So, I prefer to word my first premise this way: It is always morally wrong to deliberately—that is, intentionally; that is, knowingly and willingly, one part—kill—that is, force death upon by an act of violence; not necessarily an omission, not necessarily letting die; that's different than killing—an innocent person. By innocent, I simply mean a person that does not deserve death, has done nothing to justify being killed. I put that in in order to abstract from the whole argument about capital punishment. I personally am morally ambiguous about capital punishment. I think I'm against it, but I'm not sure, so By Father Trigilio
want to argue on something that I don't feel totally confident about.
But I do feel confident that it is always wrong to deliberately kill an
What's a person? I'm a person, you're a person. Are all persons human persons? Are all humans persons? What's the relationship between persons and human beings?
Well, there's three possibilities.
One is that all humans are persons and all persons are humans. There aren't any non-human persons, and there aren't any impersonal humans. That's a fairly common-sensical position.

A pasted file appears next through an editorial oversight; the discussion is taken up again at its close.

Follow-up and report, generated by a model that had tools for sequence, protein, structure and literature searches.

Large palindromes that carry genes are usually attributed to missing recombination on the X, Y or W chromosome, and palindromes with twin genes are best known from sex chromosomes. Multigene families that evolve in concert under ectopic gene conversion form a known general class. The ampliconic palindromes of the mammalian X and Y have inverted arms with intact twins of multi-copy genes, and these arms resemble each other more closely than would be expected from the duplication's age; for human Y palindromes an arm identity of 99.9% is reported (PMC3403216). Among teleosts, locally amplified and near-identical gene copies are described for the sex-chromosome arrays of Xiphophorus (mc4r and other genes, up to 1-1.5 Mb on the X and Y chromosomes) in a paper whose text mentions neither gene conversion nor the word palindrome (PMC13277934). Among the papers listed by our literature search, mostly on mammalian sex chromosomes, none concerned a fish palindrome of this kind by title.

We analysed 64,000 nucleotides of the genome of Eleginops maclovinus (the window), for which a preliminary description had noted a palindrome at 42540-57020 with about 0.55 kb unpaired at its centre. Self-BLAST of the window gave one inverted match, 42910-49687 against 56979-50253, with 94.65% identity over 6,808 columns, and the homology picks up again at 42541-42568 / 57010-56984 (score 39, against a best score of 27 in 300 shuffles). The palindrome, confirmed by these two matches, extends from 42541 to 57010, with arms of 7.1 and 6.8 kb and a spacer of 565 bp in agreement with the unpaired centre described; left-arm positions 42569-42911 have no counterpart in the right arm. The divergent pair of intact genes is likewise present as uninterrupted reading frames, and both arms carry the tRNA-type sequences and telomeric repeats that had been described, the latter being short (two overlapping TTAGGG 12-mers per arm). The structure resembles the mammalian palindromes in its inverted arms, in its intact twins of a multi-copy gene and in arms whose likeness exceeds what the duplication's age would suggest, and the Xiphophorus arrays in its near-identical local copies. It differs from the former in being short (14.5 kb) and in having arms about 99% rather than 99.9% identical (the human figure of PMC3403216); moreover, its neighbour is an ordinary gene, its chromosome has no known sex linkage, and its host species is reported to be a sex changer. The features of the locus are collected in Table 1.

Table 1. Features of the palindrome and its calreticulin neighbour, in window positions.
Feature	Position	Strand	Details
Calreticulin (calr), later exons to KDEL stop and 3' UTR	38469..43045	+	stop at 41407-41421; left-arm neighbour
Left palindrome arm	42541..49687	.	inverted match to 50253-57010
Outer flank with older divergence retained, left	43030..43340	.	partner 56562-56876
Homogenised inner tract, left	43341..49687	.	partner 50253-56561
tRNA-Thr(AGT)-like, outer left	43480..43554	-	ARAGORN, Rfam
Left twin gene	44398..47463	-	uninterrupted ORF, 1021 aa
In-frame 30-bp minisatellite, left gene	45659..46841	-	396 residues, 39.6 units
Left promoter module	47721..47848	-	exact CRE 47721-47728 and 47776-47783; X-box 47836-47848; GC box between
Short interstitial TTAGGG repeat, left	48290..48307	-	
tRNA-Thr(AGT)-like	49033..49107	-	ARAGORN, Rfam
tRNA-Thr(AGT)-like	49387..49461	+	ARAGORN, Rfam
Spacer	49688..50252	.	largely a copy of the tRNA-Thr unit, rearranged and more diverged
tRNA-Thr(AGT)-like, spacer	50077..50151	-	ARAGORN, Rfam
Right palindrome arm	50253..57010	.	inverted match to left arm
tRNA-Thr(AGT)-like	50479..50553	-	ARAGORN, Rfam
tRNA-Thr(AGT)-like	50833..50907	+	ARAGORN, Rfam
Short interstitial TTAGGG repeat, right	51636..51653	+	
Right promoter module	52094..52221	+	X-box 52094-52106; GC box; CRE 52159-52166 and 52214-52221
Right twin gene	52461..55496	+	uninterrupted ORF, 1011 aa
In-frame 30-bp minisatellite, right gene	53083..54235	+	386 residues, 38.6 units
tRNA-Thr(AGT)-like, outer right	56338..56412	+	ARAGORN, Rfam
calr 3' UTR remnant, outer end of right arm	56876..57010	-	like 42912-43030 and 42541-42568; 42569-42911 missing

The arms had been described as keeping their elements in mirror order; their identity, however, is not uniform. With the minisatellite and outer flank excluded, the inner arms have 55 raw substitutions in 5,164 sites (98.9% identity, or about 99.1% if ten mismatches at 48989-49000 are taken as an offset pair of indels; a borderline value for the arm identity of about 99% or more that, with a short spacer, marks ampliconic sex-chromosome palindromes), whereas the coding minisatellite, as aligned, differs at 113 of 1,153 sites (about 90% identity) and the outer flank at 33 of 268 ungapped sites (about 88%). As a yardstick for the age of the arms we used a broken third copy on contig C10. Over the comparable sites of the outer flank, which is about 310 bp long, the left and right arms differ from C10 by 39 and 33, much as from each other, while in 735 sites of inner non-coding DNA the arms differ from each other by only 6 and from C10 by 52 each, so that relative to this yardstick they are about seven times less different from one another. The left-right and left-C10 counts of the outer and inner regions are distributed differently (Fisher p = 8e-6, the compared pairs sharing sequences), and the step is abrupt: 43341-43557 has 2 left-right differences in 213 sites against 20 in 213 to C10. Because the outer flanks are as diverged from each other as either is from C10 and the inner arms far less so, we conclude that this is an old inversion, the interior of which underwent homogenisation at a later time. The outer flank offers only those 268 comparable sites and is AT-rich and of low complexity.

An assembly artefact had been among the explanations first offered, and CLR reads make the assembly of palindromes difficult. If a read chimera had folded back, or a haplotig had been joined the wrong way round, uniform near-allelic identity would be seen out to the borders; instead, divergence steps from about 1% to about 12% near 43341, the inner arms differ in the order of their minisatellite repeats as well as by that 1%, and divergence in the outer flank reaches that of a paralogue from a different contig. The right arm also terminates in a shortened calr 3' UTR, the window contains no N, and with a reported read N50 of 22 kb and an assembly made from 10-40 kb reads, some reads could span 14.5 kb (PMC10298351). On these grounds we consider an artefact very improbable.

A second option is that there are human persons and there are also non-human persons. Martians, E.T., elves, angels, persons of the Trinity, the Greek gods. You can at least imagine non-human persons—most fantasy is about them—so it's a meaningful concept, whether you believe they exist or not.
A third option is that the term person is not larger than the term human, but smaller. Some of us members of the human race, some human beings, are persons and some aren't. The Nazis believed that Jews were not persons. The Communists believed that Capitalists were not persons. The Supreme Court, according to the Dred Scott decision, believed that black slaves were three-fifths persons, not full persons. That's an option; if you want to argue for that, then you've got an out, because you don't quite agree with the first premise, or you think that the term "person" is ambiguous in the first premise, but in order to justify that you're going to have to make common cause with company that's a little compromised. But we might come back to that option.
All right, there's the first premise: Always morally wrong to deliberately kill an innocent person. https://www.thecatholicmonitor.com/2008/12/when-catholic-feels-he-or-she-is-being.html